Syrian government claims Israel’s targeting of Latakia port is aimed at Syrians’ livelihood
Enab Baladi – Zeinab Masri
The recent Israeli targeting of Latakia port has brought light to the issue of stocked imported goods in containers in Syria’s various land and maritime entry-exit points due to customs clearance procedures that prevented goods from reaching Syrian markets.
The congestion of stored goods in the attacked commercial port of Latakia was attributed to the Central Bank of Syria (CBS) and its latest decisions on financing imports. At the same time, economists loyalists to the regime blamed the bureaucracy of the Syrian government’s institutions.
Meanwhile, Syrian citizens continue to face the consequences of stocking imported items represented in the scarcity of necessary materials and goods in markets, soaring prices, and high production costs amid deteriorated living conditions.
What is the extent of the damage?
On 28 December 2021, an Israeli airstrike targeted the container storage area at Latakia port in a second attack against the vital facility in the same month.
While Israeli sources stated that the strike was aimed at ammunition for proxy militias linked to Iran, Syrian state media said that the Israeli aggression targeted containers loaded with food items as part of an “economic war and starvation policy” against the Syrian people.
On 29 December, the head of the Customs Committee in Damascus Chamber of Commerce, Imad Qabani, stated to the pro-government local newspaper al-Watan that 85 percent of the container goods targeted in Latakia port were industrial raw materials and food supplies.
Qabani said that the attack caused “significant material damage,” adding that Israel targeted containers of food items, textile yarns, and reconstruction-related materials.
The majority of items imported by the regime are raw materials and foodstuffs as a result of import rationing government decisions, according to Qabani.
Bureaucracy or practical government decisions?
As in many other cases, Syrian regime officials gave contradicting statements on goods stored in Latakia port. On 22 December 2021, al-Watan newspaper cited customs brokers and importers, saying that there are hundreds of containers at the port unlikely to contain food items because such materials are imported under specific facilitations.
The officials cited the CBS’s import financing decision as to the reason behind delayed customs clearance procedures and scarcity of commodities in markets. They added that the decision caused significant losses, noting that its continued application could contribute to the shortage and disappearance of many goods in markets.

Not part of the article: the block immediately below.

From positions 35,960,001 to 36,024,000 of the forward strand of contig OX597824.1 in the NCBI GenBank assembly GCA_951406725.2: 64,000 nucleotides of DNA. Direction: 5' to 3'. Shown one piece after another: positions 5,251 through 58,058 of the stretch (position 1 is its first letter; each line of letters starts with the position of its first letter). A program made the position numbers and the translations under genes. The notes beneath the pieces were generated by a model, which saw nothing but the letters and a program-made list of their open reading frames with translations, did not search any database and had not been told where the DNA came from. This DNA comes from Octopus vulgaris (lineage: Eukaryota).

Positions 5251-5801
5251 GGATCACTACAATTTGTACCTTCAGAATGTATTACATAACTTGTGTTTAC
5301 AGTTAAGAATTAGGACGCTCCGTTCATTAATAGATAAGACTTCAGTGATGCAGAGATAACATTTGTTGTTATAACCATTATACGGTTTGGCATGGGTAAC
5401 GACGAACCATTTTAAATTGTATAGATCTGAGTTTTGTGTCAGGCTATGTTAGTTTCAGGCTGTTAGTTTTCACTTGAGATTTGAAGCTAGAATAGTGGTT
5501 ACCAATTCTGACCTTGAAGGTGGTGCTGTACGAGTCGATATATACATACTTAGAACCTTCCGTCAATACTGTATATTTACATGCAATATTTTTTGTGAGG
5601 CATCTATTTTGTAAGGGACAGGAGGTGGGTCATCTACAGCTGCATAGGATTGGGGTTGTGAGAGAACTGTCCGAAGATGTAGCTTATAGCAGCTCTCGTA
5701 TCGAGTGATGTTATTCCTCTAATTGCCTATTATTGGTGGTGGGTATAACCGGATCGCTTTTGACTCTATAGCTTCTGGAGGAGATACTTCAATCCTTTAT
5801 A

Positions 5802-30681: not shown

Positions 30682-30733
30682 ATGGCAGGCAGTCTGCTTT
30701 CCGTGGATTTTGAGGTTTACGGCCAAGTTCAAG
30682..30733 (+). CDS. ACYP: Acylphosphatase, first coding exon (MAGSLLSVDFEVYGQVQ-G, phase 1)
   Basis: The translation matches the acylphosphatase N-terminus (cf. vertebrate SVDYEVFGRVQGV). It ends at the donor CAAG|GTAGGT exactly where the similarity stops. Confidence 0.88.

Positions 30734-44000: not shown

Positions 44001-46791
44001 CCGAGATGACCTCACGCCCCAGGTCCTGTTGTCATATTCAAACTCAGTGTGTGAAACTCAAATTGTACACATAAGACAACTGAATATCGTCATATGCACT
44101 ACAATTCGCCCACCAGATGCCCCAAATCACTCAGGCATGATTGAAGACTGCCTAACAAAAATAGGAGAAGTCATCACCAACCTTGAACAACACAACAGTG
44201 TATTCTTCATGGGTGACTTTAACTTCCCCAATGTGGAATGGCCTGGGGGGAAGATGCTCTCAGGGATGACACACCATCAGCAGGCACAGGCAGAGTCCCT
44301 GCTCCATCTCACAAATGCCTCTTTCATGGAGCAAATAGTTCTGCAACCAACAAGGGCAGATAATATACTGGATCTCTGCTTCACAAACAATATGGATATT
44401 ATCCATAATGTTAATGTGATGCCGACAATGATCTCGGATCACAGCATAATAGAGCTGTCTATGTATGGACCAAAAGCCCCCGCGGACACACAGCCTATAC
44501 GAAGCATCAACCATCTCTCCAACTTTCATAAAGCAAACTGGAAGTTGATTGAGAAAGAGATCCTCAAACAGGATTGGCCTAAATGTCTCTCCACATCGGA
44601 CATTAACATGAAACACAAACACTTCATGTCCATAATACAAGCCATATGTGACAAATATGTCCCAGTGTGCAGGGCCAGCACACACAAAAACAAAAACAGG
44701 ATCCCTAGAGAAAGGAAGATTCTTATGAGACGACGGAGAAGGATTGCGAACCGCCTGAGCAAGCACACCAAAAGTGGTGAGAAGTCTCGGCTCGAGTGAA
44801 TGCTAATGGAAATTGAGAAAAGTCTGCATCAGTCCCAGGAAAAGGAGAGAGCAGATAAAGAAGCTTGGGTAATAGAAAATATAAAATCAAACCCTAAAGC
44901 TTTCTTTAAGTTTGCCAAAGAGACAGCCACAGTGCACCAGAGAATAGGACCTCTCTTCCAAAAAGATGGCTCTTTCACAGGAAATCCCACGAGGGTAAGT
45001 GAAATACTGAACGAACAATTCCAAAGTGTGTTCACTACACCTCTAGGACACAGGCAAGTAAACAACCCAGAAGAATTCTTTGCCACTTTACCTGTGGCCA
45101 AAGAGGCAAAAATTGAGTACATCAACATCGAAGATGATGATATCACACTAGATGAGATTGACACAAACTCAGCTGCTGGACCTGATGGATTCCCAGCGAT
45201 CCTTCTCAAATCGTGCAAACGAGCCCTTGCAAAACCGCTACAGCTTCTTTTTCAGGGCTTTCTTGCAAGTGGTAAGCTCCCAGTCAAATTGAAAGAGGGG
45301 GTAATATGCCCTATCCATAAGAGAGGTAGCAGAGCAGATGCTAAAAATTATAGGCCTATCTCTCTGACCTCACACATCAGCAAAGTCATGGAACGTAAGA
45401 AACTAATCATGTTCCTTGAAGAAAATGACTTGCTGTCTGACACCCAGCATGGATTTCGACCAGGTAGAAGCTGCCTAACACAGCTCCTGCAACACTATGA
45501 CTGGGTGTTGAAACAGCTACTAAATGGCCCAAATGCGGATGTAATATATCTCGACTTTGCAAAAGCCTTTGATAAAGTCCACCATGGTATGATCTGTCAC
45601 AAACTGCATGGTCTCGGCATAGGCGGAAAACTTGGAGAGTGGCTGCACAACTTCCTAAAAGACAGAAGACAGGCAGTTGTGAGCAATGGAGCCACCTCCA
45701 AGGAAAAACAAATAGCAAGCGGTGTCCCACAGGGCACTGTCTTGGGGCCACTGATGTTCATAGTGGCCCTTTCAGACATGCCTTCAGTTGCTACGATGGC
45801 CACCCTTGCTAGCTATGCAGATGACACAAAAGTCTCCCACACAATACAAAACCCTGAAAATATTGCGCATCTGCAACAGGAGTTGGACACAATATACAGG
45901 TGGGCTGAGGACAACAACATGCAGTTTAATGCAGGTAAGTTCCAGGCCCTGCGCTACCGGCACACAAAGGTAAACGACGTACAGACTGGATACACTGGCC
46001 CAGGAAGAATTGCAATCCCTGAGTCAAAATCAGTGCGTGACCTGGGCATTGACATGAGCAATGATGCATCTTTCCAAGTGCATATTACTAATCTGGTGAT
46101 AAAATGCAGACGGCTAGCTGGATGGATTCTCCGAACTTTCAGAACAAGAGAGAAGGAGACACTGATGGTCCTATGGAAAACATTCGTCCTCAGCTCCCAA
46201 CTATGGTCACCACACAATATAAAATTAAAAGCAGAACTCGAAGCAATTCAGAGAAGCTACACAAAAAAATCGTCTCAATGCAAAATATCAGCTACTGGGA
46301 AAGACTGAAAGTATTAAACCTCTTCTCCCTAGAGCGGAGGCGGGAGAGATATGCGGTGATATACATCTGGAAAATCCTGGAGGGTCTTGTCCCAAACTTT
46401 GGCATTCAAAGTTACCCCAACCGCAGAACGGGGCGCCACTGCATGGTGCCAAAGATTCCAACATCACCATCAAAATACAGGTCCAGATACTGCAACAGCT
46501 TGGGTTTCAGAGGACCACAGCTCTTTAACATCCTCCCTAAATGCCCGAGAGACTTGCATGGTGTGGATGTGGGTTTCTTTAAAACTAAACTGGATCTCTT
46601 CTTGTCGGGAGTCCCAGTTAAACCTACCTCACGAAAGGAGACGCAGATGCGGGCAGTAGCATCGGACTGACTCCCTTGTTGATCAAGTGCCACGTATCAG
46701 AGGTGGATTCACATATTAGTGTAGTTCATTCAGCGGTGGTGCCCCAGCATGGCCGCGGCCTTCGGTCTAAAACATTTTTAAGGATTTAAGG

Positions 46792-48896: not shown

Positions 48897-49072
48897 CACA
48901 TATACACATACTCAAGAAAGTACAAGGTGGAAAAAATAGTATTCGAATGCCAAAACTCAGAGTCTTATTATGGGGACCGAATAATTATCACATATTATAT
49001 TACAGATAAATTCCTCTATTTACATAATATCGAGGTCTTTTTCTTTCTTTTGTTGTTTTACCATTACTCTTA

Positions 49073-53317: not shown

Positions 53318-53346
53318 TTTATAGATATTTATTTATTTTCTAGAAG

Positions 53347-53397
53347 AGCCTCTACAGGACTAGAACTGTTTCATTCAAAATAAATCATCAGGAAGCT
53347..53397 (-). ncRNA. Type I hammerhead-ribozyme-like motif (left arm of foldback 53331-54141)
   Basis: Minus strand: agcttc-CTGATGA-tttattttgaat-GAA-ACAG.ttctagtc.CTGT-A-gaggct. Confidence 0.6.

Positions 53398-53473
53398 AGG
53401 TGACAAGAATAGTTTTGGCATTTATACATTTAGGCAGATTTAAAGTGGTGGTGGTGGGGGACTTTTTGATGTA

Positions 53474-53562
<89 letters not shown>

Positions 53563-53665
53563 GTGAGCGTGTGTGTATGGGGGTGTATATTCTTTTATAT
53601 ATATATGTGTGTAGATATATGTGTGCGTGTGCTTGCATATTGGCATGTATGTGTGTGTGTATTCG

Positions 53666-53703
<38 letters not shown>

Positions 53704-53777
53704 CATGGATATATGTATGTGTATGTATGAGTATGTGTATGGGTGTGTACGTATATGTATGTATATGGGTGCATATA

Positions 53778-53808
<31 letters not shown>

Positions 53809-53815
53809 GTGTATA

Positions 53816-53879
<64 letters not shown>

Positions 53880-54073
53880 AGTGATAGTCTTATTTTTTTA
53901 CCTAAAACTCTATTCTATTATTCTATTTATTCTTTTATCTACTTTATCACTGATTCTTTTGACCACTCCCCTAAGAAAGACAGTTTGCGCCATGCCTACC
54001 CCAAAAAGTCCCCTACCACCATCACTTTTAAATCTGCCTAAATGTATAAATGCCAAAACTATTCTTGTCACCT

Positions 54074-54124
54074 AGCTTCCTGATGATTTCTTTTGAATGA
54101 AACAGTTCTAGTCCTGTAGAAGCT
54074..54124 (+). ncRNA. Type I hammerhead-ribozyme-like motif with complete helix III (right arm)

After the latest Israeli targeting of Latakia port, the CBS issued a temporary exemption because of the “attacks on Syrian ports,” requesting importers whose goods had arrived at Syrian ports up to the end of December 2021 and who had not yet obtained permission to enter their goods into the country to visit the bank’s branches to complete the procedures of disclosing financing sources and customs clearance.
In late August 2021, the CBS amended some of the conditions imposed on its import financing operations, which are due to operate until next February.
In accordance with the new amendment, all importers of the private and joint sectors are obliged to submit a written confirmation from the CBS that their source of funding is approved prior to their imports arriving in Syria to the Customs Clearance Secretariat.
This amendment, however, does not apply to imports not included in the original decision.
The amendment decision stipulated that importers have to obtain a written letter from the CBS’s import department to be viewed by the Customs Clearance Secretariat. The letter entails permission for goods entry after disclosing imports’ financing sources.
Importers are also required to submit other necessary documents that vary depending on the funding source.
The Customs Clearance Secretariats are obliged not to complete any customs clearance process without the importer submitting this written letter.
The Chairman of the Syrian Commission of Financial Markets and Securities, Abed Fadilah, defended the Central Bank’s decision on import financing, arguing that it gave the bank the right to scrutinize how and when goods were imported, and that led to a broader case of scrutiny and inspection.
Fadilah said that the official narrative says that many of the procedures that caused delays in the entry and clearance of imports at the port were caused by violations in imports related to manipulating the customs HS code. He added, some goods were brought in under an HS code different from the one describing the nature of the goods.